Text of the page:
The Bravais Lattices Song

By Walter F. Smith

Sing to the tune of “I Am the Very Model of a Modern Major General”
from “The Pirates of Penzance”.

 

If you have to fill a volume with a structure that’s repetitive,
Just keep your wits about you, you don’t need to take a sedative!
Don’t freeze with indecision, there’s no need to bust a seam!
Although the options may seem endless, really there are just fourteen!
There’s cubic, orthorhombic, monoclinic and tetragonal,
There’s trigonal, triclinic and then finally hexagonal!
There’s only seven families, but kindly set you mind at ease –
‘Cause four have sub-varieties, so there’s no improprieties!

The chorus  :
‘Cause four have sub-varieties, so there’s no improprieties.
‘Cause four have sub-varieties, so there’s no improprieties.
‘Cause four have sub-varieties, so there’s no impropri-e, prieties!

These seven crystal systems form the fourteen Bravais lattices.
They’ve hardly anything to do with artichokes or radishes –
They’re great for metals, minerals, conductors of the semi kind –
The Bravais lattices describe all objects that are crystalline!

The cubic is the most important one in my “exparience”,
It comes in simple and in face- and body-centred variants.
And next in line’s tetragonal, it’s not all diagonal,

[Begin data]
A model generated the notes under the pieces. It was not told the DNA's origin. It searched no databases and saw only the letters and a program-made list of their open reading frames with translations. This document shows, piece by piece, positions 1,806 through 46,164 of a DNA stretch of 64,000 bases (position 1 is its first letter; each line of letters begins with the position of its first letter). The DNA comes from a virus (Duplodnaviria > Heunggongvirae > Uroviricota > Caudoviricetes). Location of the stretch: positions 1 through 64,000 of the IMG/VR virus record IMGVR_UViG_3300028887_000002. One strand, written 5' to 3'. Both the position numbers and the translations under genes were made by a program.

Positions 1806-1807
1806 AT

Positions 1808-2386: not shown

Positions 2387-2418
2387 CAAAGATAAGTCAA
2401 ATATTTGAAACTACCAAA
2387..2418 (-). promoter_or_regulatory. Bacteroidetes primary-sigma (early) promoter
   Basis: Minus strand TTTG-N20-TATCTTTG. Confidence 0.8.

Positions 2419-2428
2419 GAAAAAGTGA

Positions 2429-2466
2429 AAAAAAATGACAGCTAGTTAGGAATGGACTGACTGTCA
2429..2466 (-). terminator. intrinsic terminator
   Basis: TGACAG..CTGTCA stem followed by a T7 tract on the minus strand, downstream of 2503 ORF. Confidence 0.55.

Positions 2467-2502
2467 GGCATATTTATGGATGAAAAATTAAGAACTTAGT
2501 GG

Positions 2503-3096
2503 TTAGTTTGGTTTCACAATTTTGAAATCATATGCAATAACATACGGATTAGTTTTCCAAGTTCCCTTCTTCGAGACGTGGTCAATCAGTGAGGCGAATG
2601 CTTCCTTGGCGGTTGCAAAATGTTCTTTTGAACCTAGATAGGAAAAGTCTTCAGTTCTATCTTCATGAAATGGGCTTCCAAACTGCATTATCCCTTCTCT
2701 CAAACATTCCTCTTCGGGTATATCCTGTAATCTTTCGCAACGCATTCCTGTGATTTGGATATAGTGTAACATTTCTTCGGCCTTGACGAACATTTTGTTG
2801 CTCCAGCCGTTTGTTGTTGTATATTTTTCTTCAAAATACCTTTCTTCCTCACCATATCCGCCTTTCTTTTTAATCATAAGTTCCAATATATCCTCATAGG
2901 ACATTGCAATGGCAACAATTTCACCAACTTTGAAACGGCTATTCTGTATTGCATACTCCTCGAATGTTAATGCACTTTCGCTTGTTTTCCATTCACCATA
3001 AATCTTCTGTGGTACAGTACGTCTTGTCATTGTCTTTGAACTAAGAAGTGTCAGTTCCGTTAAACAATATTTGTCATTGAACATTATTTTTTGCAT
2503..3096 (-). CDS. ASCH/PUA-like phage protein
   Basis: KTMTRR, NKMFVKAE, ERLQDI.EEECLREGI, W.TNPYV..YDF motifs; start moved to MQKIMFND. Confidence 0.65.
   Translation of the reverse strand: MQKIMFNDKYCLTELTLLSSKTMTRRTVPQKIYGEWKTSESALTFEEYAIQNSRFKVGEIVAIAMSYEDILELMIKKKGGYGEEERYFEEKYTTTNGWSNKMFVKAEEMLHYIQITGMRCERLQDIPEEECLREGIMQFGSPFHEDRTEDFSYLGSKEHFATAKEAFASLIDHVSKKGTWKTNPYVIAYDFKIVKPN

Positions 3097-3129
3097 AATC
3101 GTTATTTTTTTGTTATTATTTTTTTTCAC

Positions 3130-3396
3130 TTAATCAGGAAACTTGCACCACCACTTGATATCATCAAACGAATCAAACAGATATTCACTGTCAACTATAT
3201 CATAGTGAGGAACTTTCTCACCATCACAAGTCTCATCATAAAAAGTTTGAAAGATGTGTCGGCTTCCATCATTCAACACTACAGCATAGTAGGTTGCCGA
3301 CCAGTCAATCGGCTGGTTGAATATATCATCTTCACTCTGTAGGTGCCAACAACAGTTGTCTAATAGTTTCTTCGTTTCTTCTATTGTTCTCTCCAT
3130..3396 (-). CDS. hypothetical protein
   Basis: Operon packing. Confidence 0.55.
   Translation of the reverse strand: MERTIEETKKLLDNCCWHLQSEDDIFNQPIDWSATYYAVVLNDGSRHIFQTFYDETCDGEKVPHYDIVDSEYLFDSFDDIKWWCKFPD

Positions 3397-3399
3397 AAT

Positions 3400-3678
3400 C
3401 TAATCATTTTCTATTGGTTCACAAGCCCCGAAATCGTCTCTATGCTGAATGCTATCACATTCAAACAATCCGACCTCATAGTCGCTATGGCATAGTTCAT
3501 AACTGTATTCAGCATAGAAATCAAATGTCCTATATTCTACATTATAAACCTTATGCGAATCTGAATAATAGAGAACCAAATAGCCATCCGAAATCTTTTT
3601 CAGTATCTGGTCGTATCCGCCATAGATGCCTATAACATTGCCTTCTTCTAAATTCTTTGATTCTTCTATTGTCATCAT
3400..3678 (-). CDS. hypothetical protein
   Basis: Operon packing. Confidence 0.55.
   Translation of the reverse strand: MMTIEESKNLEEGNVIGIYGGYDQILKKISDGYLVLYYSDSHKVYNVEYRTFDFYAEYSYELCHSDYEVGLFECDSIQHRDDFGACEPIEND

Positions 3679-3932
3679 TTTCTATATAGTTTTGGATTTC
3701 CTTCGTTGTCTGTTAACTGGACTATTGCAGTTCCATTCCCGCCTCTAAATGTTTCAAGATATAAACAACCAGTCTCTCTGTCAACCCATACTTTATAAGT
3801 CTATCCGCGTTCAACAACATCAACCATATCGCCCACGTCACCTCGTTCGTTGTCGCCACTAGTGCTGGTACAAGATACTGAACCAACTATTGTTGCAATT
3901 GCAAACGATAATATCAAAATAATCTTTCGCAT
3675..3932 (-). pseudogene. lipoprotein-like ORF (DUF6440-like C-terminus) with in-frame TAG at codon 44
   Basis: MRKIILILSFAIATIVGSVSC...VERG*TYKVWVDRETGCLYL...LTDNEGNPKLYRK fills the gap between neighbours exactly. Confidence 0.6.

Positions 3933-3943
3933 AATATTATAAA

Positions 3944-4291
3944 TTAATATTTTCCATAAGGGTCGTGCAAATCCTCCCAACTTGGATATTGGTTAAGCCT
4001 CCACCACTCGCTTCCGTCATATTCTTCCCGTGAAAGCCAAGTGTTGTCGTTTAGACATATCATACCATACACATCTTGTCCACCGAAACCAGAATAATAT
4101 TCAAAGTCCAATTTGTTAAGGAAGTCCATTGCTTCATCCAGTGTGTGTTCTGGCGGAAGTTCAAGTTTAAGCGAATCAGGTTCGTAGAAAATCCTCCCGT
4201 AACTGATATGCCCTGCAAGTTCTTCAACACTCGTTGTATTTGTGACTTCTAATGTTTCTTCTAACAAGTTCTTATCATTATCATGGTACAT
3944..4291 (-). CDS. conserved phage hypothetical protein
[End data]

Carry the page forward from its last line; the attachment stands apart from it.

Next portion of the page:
Just squished in one dimension, so it’s really quite rectagonal!
The orthorhombic system has one less degree of symmetry
Because an extra squish ensures that a not equals b or c.
If angle gamma isn’t square, the side lengths give the “sig-o-nal”
For monoclinic if they’re different or, if equal, trigonal!

The chorus (reprovingly) :
Of course for trigonal, recall that alpha, beta, gamma all
Are angles that are equal but don’t equal ninety, tut, tut, tut!
Are angles that are equal but don’t equal ninety, tut, tut, tut!

If you squish the lattice up in every way that is conceivable,
You’ll get the least amount of symmetry that is achievable –
It’s called triclinic, then remains the one that really self explains –
Hexagonal gives us no pains an so we now may rest our brains!

 

A Bravais lattice is a grouping by symmetries of discrete points in three dimensional space. They describe the geometric arrangement of the atoms or molecules in crystalline structures.

 

Cubic :

OldTrout, Going Postal

Orthorhombic :

OldTrout, Going Postal

Monoclinic :

OldTrout, Going Postal

Tetragonal :

OldTrout, Going Postal

Trigonal :

OldTrout, Going Postal

Triclinic :

OldTrout, Going Postal

Hexagonal :

OldTrout, Going Postal

Diamonds are face-centred cubic.  Sapphires, rubies and amethysts are trigonal.  Emeralds and aquamarines are hexagonal.  Topaz is orthorhombic.

The Cannonball Problem was first posed by Sir Walter Raleigh to Thomas Harriot. Cannonballs stacked in triangular or rectagonal pyramids produce a face-centred  cubic lattice.  A six-sided pyramid produces a hexagonal close-packing lattice.

Gauss proved that these two systems of close-packing of equal shares occupy the highest density of available space.  It is equal to :

\(\displaystyle \frac {\pi}{3\sqrt2}\simeq 0.74048\)

 

Close-packing lattice generation :

OldTrout, Going Postal

If a third layer is placed directly over the first layer, then a hexagonal close-packing lattice is built.

If a third layer is placed over holes in the first layer, then a face-centred cubic lattice is built.
 

© OldTrout 2018